OPINION | If US is to catch up with rivals in the renewables race, it’s time it did business with Zimbabwe

Huayou Cobalt's new Prospect Lithium plant: Zimbabwe has looked to China for processing investment

If the US is serious about being a leader in the transition to renewable energy, it is undisputed that, at least in the short term, we need access to more lithium. Instead of stalling the economy of Zimbabwe by refusing to do business, it is time for the US to invest in both the people and the resources found there, writes Glenn Jakins, CEO of US energy company Humless.


More than 20 years ago, President Robert Mugabe endorsed a move by native Zimbabwean farmers to occupy and forcibly retake farmland that was owned, at the time, by European farmers. Right or wrong, this move set off a chain of disastrous economic consequences, including hyperinflation, massive unemployment, food shortages, and international sanctions. 

The United States was one of the nations which imposed sanctions, in the hopes of addressing government corruption, the lack of free and fair elections and human rights abuses. In the two decades since the land seizures of the early 2000s, the US has maintained a strict sanctions program against an evolving list of individuals in Zimbabwe.

The Zimbabwe of today is very different from the Zimbabwe back in 2001.

Robert Mugabe was forced out of office in 2017, and has since passed away. The European Union was invited to send an Election Observation Mission to observe the 2018 elections. In 2020, the Zimbabwean government announced a program to compensate the farmers who were ousted from their land back in 2001. The new government is not perfect, and many more changes are needed for true democracy and a stable economic position of Zimbabwe. That said, progress is being achieved. The new government has started to do what 20 years of sanctions could not.

Something else has changed in the last 20 years that have rendered the economic sanctions against Zimbabwe untenable for the West. Where agriculture was the biggest asset of Zimbabwe in 2001, the country has now uncovered a far more lucrative export: lithium.

Zimbabwe and Lithium

Lithium is a necessary material for rechargeable batteries that make things like cell phones, laptops, electric vehicles, and solar power storage. In order to reach lofty goals like the Biden administration’s stated target of 80% renewable energy by 2030, the United States needs to find more reliable sources of lithium.

Zimbabwe currently has the largest lithium reserves in Africa and fifth-largest in the world, and President Emmerson Mnangagwa has signaled that mining and refining lithium ore will be a focus of the Zimbabwe government in the years to come. Unfortunately, given the current political climate, it is very difficult for US investors to acquire Zimbabwean lithium for manufacturing purposes. This leaves a gaping hole in the market, which other countries, notably, China, are willing and eager to exploit.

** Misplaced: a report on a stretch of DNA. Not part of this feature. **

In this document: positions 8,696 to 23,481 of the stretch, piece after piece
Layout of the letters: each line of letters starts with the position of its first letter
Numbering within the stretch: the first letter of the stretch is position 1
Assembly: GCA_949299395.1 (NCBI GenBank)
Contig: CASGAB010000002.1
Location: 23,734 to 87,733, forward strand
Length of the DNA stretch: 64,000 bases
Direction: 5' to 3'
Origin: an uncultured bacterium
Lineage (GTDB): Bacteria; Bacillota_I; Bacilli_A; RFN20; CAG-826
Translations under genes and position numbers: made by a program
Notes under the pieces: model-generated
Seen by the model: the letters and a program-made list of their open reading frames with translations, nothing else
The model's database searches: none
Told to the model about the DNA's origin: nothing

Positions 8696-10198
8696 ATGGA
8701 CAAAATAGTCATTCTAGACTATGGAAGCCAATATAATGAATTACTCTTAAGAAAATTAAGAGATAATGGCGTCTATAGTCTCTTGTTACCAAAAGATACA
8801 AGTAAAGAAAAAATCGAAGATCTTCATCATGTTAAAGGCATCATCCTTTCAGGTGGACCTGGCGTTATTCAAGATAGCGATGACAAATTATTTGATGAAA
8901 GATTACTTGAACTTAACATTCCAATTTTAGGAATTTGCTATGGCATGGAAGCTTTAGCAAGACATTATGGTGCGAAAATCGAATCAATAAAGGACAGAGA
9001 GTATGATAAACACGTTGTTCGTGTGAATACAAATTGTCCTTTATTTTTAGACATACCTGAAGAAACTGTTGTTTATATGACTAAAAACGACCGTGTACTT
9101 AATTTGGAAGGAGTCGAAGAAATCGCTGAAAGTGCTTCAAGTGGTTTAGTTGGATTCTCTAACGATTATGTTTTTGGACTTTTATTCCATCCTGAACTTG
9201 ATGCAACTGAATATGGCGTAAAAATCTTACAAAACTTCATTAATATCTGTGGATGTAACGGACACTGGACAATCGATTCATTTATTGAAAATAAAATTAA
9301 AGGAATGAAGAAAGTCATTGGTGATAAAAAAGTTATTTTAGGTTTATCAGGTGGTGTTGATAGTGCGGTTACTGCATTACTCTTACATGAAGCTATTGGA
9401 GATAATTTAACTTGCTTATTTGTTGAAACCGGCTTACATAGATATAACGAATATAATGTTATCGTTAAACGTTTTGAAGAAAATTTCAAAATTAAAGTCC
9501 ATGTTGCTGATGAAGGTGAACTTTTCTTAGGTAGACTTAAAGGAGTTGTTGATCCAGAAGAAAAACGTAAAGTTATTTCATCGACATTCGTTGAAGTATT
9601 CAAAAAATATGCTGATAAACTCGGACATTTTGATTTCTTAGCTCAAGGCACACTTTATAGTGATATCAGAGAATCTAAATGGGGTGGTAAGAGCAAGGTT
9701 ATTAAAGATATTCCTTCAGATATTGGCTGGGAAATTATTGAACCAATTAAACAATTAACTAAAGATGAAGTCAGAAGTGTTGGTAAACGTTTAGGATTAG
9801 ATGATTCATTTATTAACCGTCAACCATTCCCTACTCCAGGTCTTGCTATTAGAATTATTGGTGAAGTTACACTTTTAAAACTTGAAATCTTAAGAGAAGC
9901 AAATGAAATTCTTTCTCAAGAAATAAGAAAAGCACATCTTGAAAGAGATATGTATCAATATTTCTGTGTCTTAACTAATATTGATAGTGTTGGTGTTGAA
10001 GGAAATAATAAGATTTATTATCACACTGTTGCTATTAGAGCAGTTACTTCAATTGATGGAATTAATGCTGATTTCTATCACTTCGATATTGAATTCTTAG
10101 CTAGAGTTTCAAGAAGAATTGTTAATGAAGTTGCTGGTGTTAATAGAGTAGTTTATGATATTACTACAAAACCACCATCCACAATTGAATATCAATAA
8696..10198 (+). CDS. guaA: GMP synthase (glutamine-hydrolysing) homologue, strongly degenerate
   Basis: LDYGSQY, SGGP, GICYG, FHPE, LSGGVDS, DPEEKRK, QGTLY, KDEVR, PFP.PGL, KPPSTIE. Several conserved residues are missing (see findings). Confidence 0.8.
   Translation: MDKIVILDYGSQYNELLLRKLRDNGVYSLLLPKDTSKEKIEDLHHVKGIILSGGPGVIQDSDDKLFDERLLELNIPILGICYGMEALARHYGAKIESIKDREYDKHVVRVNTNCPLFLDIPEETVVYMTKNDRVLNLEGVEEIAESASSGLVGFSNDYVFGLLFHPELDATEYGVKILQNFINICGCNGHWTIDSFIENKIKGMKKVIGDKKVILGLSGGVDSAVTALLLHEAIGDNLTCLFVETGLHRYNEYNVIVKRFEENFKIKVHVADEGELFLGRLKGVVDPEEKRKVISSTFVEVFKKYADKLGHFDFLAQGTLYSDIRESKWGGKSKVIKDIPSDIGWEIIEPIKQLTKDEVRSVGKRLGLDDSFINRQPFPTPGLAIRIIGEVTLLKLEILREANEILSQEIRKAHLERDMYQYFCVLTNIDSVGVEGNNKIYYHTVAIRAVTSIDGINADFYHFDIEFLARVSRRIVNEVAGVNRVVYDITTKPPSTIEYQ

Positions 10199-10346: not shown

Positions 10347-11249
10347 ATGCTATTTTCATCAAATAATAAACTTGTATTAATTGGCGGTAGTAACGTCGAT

Risks from China and Russia

Chinese investors bring with them billions of dollars to support not only the economy of Zimbabwe, but infrastructure and humanitarian aid projects. Last year, President Mnangagwa delivered his State of the Nation speech from a newly completed parliament building built as a US$200 million gift from the Chinese government. Chinese funds have also financed hospitals, universities, transportation infrastructure, water supply projects, and an 80,000-seat sports stadium, built in the 80s.

Zimbabwe has also turned to Russia to find willing business partners, although it has been a rockier path. And since 2019, Belarus and Zimbabwe have cultivated a growing relationship, with Belarusian companies involved in agriculture, mining, energy and other industries within the African country.

A Solution for the Future

As eastern countries do business with Zimbabwe, they gain political and cultural influence, in addition to the economic advantages of having access to Zimbabwean resources.

So those in the West have to ask themselves, what is the most important goal? To hold on to antiquated sanctions that have done little to advance the cause of human rights, or keep up with the global economy while building bridges with Zimbabwe?

The future is coming fast. If the United States is serious about being a leader in the transition to renewable energy, it is undisputed that, at least in the short term, we need access to more lithium. Strengthening ties with Zimbabwe will allow US companies to invest in mining and refineries, which will bring jobs to the local citizens and put lithium deposits to good use in green energy storage.

Sanctions have failed. Instead of stalling the economy of Zimbabwe by refusing to do business, it is time to try investing in both the people and the resources found there. A strong economic partnership with Zimbabwe could hold the key to both influencing the government on human rights issues and addressing the raw material demands of a new, greener global economy. 

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Article via Geopolitics


Glenn Jakins is CEO of Humless, an energy storage company based in Utah, USA.